The Greatest Gift a Genealogist Can Give
There are multitudes of lists about the greatest gift for a genealogy researcher. But have you ever thought about what is the greatest gift a genealogist can give? Including for those who have no interest in genealogy?
After spending several days in the ICU, my youngest son, Daniel passed after being diagnosed with lymphoma in 2016.
Over the next couple of days, my other 2 children were coming to terms with what had happened. In an effort to teach them how to smile through the tears, I asked my oldest son what he thought Danny was doing at that moment. His response was that Danny and Grandpa (who passed in 2001) were building a racetrack, and the thoughts grew from there. (The family business on my paternal side is dirt track racing)
We opted for a celebration of life, placing pictures of him around the funeral home, for guests to view & remember him as the person he was. Generating memories, telling stories, smiling and laughing while shedding some tears.
His remains were cremated and spread on some wooded mountain-side family ground. He loved the outdoors, hunting, and fishing to name a few of his favorite things. That weekend we also celebrated the person Danny was by doing the things he enjoyed. Fireworks, cookouts, water balloon fights and 4-wheeling were a small part of the events. I wanted my grandchildren to know that it was ok to remember him without being sad.
Getting Back to Research
When I thought of working on the family tree, I would think about how I needed to add his death certificate & burial information, and I just couldn’t bring myself to do it. Maybe deep down inside I felt as if by doing this I was closing the door on him. After a couple of months, I decided to just do it. So I got out the laptop, scanned his death certificate, logged on to findagrave.com and completed his end.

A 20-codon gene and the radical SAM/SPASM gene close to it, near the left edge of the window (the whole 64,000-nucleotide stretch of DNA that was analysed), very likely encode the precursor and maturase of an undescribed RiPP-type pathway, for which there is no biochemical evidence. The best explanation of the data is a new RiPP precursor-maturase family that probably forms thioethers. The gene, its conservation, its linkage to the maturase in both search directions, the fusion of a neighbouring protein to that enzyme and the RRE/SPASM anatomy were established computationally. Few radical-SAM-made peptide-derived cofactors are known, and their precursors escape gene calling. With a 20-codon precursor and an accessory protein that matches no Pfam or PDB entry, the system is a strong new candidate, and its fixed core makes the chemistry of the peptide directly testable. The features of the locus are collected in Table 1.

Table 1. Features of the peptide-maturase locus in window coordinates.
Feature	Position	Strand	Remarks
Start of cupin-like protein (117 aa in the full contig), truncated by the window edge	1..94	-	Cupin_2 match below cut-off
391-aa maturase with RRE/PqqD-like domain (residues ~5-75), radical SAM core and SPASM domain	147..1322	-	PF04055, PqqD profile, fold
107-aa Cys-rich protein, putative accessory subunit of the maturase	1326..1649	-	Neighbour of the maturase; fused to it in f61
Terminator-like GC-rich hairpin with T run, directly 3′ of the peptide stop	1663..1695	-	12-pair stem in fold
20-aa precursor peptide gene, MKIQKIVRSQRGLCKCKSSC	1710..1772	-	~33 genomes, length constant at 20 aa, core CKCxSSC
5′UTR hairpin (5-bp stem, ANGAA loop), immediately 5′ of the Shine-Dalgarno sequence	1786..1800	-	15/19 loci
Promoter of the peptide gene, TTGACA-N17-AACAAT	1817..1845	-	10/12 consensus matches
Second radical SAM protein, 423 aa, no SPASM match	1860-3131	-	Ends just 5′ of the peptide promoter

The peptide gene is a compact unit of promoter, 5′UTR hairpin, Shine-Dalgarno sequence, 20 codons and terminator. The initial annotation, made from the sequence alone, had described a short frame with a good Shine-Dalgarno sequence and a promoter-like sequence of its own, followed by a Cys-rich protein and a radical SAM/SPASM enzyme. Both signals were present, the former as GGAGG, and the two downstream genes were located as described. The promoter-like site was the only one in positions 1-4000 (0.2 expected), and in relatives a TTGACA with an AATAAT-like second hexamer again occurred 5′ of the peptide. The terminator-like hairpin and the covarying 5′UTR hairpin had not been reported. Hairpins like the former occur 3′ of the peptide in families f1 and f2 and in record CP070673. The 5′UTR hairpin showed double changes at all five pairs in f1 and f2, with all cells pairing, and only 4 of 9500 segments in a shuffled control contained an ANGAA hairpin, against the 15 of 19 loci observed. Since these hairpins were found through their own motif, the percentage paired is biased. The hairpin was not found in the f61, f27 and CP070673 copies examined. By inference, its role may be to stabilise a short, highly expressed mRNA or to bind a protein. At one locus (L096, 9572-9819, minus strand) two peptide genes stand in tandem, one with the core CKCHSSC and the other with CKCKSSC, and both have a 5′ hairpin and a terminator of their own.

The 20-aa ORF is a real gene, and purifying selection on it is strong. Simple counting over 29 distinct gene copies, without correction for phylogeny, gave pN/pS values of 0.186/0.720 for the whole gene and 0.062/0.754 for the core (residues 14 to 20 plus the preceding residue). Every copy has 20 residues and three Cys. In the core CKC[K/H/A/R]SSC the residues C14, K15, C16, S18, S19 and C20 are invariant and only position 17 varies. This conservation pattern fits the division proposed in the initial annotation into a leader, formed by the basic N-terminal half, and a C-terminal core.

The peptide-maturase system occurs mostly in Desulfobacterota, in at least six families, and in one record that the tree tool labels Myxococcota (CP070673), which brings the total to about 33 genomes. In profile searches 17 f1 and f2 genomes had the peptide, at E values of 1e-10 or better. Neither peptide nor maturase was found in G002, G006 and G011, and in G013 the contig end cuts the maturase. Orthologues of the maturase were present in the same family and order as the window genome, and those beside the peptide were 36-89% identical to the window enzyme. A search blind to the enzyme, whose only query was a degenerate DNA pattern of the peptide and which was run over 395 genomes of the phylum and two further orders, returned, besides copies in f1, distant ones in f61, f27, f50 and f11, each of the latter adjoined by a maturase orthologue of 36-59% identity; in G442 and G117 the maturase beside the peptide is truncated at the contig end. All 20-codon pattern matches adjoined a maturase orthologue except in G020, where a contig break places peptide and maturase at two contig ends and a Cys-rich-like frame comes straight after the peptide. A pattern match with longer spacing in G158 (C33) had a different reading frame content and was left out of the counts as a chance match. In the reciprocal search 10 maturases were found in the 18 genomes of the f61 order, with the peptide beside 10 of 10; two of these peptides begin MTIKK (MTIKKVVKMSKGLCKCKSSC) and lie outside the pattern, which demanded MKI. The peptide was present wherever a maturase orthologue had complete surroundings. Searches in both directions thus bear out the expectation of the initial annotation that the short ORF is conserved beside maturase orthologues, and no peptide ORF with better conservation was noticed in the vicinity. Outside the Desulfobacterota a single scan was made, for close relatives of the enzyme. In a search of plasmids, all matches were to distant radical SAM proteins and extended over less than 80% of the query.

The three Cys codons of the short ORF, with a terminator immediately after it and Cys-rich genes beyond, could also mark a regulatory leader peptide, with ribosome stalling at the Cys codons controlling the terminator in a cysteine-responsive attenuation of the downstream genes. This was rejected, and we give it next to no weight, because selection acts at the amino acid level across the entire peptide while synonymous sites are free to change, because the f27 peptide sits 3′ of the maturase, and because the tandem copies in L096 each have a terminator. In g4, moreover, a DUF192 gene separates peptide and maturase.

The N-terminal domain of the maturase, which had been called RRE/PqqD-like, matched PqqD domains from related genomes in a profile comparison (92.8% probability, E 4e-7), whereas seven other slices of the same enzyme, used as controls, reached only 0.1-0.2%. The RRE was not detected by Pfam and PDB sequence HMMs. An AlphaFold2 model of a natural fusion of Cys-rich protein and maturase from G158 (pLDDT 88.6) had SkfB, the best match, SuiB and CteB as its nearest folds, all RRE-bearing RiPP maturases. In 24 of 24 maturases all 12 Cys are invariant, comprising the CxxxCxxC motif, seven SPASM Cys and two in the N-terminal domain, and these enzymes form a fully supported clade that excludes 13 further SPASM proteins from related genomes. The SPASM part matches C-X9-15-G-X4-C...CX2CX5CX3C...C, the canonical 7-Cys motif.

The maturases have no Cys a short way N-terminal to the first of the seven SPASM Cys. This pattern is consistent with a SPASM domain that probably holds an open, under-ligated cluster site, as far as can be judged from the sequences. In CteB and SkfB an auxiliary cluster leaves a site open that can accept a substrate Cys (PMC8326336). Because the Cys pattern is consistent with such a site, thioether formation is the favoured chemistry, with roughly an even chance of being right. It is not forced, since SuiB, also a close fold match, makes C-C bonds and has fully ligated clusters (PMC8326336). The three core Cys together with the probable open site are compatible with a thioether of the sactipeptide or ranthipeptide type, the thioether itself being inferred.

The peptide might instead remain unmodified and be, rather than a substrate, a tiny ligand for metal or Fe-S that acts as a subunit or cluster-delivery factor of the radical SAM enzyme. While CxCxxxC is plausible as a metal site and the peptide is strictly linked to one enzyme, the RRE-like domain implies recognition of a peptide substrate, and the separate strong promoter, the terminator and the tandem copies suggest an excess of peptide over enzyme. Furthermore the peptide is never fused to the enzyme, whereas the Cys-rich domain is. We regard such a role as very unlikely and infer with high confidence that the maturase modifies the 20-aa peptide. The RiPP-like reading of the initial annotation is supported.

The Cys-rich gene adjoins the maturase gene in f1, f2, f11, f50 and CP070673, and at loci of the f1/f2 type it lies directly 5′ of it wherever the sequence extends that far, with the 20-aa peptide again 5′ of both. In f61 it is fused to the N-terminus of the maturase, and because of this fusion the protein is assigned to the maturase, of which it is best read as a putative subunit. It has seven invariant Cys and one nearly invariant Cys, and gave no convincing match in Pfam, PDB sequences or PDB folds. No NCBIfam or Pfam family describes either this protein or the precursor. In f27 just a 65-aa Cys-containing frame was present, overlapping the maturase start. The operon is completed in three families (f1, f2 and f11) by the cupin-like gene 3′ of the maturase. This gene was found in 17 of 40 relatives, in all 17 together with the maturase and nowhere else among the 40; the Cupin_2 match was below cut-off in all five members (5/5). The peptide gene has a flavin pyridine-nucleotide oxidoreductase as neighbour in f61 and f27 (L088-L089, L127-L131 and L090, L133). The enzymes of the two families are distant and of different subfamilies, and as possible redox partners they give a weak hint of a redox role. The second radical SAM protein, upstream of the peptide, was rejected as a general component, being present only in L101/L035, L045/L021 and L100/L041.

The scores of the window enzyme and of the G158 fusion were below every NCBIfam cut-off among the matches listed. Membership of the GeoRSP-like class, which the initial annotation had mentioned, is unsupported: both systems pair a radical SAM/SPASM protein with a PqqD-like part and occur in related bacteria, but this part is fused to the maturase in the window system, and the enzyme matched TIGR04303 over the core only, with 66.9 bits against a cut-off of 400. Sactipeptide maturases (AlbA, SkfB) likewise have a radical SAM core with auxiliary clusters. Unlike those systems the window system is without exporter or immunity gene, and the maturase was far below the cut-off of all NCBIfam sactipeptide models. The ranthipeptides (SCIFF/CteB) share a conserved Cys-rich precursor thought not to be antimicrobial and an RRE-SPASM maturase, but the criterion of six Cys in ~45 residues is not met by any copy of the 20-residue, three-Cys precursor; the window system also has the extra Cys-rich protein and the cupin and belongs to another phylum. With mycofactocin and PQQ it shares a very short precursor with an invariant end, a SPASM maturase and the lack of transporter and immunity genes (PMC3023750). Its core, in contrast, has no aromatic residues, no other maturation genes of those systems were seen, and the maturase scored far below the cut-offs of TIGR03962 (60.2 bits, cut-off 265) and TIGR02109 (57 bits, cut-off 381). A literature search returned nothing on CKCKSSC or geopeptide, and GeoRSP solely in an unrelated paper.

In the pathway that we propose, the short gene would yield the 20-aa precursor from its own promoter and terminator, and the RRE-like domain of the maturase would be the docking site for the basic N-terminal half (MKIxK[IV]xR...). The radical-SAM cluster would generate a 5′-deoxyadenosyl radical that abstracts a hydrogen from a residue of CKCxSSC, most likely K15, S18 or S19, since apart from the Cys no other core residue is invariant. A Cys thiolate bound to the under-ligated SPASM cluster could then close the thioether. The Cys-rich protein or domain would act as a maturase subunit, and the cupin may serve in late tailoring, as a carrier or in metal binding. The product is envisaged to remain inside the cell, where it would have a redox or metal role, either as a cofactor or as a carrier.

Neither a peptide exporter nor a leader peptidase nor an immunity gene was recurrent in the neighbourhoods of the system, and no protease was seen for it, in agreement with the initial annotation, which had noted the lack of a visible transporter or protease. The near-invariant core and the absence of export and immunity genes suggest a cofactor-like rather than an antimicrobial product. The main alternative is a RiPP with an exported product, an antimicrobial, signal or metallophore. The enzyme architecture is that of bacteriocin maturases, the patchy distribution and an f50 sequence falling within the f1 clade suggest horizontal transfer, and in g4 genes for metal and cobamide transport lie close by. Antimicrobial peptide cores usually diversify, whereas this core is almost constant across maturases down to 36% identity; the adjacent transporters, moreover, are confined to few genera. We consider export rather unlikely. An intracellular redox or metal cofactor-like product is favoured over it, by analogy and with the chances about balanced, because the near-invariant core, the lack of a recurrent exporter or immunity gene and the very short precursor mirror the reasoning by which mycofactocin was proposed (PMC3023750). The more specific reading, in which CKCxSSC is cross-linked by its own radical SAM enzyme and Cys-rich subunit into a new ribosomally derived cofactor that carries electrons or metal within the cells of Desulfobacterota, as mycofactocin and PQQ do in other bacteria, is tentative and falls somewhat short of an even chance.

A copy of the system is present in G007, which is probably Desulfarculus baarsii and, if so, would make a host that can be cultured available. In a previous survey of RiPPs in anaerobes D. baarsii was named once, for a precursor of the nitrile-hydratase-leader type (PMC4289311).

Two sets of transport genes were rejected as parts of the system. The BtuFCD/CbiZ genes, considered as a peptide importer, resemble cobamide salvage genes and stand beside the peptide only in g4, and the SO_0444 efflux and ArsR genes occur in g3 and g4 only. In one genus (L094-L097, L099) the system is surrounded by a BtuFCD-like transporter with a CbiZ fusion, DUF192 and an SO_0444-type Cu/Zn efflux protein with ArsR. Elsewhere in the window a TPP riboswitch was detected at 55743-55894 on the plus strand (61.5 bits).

This past month we lost another member of our family tree. My 4-year-old grandson “Rooster” (Robert Eugene Mitchell) died from an accidental drowning in the neighbors swimming pool. He always asked when he would see his favorite Uncle Danny again. Now they are together again, and I am sure they are both as happy as can be, racing go-carts and playing jokes on the grandpa that Rooster never met in life.
Greatest Gift a Genealogist Can Give
Pictures show only a moment in time. They get tattered and torn as time goes on. I wanted to know all the stories people had of Danny and Rooster. It is the stories that will last forever, sharing them with others who will pass them on to the next generation. The greatest gift a genealogist can give is the gift to be remembered.
When researching your family tree, make sure to tell the stories of today. Passing them on to those yet to come. Allowing others to know the people that gave them the DNA that makes them who they are and not just a list of names.
Let us not only remember the past and its required sacrifice, Let us also remember that we are responsible to build a legacy for the generations which follow us.Thomas S Mason